Oral estrogen hormone therapy linked to increased risk of gallbladder surgery in menopausal women

March 18, 2013

Oral estrogen therapy for menopausal women is associated with an increased risk of gallbladder surgery, according to a large-scale study of more than 70 000 women in France published in CMAJ (Canadian Medical Association Journal)

Women who took estrogen therapy through skin patches or gels did not appear to be at increased risk.

Gallstone disease is common in developed countries, and women over age 50 are most at risk. Other risk factors include obesity, diabetes, high cholesterol, poor diet and having given birth to two or more children.

A large study of 70 928 menopausal women in France between 1992 and 2008 looked at whether hormone therapy increased the risk of gallbladder surgery (cholecystectomy) for complications of gallstones. In France, hormonal therapy is usually administered topically rather than orally. North America and the United Kingdom prefer oral hormone therapies.

"In this large French prospective cohort study, we found that the risk of cholecystectomy was increased among women exposed to oral estrogen regiments for menopausal hormone therapy, especially oral regimens without progestagen," writes Dr. Antoine Racine, Institut national de la santé et de la recherche médicale (INSERM) and Université Paris Sud, with coauthors. "Other types of menopausal hormone therapy were not associated with an increased risk of cholecystectomy."

"Complicated gallstone disease should be added to the list of potential adverse events to be considered when balancing the benefits and risks associated with menopausal hormone therapy," the authors conclude.

In a related commentary, Dr. Bette Liu, Faculty of Medicine, University of New South Wales, Sydney, Australia, writes that the findings of this study support current recommendations for minimizing doses and duration of hormone therapy for menopausal symptoms. However, if hormone therapy is considered necessary, transdermal formulations (such as patches or gels) may have fewer adverse effects than oral formulations.

"Unfortunately there are no large clinical trials comparing transdermal and oral therapies, and such trials will probably never be conducted," she writes. "Evidence to guide recommendations on the best route of hormone administration for individual women and prescribers will thus be limited to the growing volume of observational data. These data suggest that the overall risk-benefit profile of transdermal menopausal hormone therapy makes it a more attractive option than oral therapies."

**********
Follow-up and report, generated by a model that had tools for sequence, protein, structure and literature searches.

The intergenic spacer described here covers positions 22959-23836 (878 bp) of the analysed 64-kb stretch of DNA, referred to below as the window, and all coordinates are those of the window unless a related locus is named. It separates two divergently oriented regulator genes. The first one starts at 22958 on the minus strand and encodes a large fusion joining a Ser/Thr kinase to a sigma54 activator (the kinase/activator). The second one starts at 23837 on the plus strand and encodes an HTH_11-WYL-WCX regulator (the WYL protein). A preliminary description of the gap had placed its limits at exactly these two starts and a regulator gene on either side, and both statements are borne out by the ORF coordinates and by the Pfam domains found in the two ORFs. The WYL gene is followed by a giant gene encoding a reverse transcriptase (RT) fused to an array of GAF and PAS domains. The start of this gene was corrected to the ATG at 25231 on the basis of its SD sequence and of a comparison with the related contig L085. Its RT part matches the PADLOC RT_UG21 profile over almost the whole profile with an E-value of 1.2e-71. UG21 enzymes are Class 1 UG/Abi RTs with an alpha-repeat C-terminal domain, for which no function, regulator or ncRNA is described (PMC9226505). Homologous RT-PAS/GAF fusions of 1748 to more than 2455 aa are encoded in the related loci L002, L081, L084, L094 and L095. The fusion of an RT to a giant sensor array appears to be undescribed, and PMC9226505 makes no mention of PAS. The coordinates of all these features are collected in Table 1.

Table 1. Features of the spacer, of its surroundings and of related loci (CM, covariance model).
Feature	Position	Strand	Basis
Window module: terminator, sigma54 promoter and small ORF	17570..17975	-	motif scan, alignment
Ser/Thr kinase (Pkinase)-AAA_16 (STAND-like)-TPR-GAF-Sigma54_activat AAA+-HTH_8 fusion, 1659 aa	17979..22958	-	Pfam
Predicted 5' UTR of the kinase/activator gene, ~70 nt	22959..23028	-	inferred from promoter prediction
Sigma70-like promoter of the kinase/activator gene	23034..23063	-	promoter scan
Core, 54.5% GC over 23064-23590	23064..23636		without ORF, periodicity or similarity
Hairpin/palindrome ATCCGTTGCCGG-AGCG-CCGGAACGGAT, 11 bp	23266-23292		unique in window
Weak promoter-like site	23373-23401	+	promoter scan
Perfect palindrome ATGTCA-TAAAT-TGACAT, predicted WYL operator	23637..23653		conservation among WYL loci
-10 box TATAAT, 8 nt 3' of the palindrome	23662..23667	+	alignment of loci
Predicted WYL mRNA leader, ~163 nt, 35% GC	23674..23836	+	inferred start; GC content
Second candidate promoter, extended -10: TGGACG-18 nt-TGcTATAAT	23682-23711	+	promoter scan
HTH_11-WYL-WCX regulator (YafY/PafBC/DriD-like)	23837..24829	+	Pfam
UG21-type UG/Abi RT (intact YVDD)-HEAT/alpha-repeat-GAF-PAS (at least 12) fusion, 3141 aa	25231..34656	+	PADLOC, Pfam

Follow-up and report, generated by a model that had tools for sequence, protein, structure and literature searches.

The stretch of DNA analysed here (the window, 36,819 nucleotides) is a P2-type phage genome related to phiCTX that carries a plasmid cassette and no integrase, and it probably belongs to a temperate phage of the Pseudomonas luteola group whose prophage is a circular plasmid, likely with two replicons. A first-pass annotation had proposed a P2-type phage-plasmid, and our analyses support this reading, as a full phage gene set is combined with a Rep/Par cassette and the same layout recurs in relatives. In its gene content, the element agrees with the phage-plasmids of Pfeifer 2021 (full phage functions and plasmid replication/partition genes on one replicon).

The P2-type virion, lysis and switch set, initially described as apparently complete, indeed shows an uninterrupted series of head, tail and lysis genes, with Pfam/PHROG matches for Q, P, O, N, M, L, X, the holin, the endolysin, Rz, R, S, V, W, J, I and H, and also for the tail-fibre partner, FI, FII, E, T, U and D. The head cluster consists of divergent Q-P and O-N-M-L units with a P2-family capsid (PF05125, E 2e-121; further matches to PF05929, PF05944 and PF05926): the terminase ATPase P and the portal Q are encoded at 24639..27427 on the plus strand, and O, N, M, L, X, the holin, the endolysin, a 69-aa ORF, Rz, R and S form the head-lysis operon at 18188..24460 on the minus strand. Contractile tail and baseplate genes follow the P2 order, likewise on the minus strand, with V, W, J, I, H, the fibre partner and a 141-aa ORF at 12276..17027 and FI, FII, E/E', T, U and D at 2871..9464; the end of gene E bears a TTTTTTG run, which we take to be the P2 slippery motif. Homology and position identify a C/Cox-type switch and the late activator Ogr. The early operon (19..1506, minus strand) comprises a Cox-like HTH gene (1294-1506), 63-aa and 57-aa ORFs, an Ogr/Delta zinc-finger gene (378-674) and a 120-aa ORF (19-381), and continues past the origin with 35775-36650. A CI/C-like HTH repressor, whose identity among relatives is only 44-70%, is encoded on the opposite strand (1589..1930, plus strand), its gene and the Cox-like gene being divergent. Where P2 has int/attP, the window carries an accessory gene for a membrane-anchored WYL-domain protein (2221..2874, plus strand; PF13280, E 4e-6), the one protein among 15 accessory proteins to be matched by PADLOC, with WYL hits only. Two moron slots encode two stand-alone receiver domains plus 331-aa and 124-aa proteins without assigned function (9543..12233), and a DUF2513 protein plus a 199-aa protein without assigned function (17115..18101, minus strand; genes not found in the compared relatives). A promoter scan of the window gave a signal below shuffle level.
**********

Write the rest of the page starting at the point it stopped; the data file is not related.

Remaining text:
-end-


Canadian Medical Association Journal

Related Hormone Therapy Articles from Brightsurf:

How hormone therapy slows progression of atherosclerosis
As one of the most common treatments for effectively managing menopause symptoms, hormone therapy (HT) is also known to provide multiple health benefits, including slowing the progression of atherosclerosis.

Prolonged use of hormone therapy may minimize muscle loss associated with aging
Skeletal muscle mass and strength are critical in helping prevent falls, fractures, and disability.

Reducing the side-effects of prostate hormone therapy with exercise
A prescription of short-term exercise for patients with advanced prostate cancer could help to reduce the side-effects of hormone therapy, according to new research.

Hormone therapy associated with improved cognition
Estrogen has a significant role in overall brain health and cognitive function.

Why do estradiol levels vary among women using hormone therapy?
CLEVELAND, Ohio (September 24, 2019)--The benefits of hormone therapy (HT) on atherosclerosis relates to achieved estradiol levels among those women who initiate HT early in postmenopause.

Hormone therapy linked to decrease level of diabetes biomarkers
The Women's Health Initiative (WHI) remains one of the most highly quoted when debating the benefits and risks of hormone therapy.

Ribociclib plus hormone therapy extends survival for patients with premenopausal advanced hormone receptor-positive breast cancer
Adding the targeted therapy ribociclib to hormone therapy significantly improved overall survival (OS) in premenopausal patients with advanced hormone receptor-positive (HR+) breast cancer, according to results of the MONALEESA-7 Phase III clinical trial led by researchers at The University of Texas MD Anderson Cancer Center.

Hormone therapy may be best defense against knee osteoarthritis
There is an ongoing debate regarding the relationship between knee osteoarthritis and hormone therapy (HT), with small-scale studies providing mixed results.

Hormone therapy for 'low T' may not be safe for all men
Boosting testosterone levels with hormone supplements may not be safe or appropriate for all men with low testosterone (low T), according to new research.

Artery hardening and thickness not affected by stopping hormone therapy
Heart disease is still the number one killer of US women, and hormone therapy remains a top treatment for menopause symptoms.

Read More: Hormone Therapy News and Hormone Therapy Current Events
Brightsurf.com is a participant in the Amazon Services LLC Associates Program, an affiliate advertising program designed to provide a means for sites to earn advertising fees by advertising and linking to Amazon.com.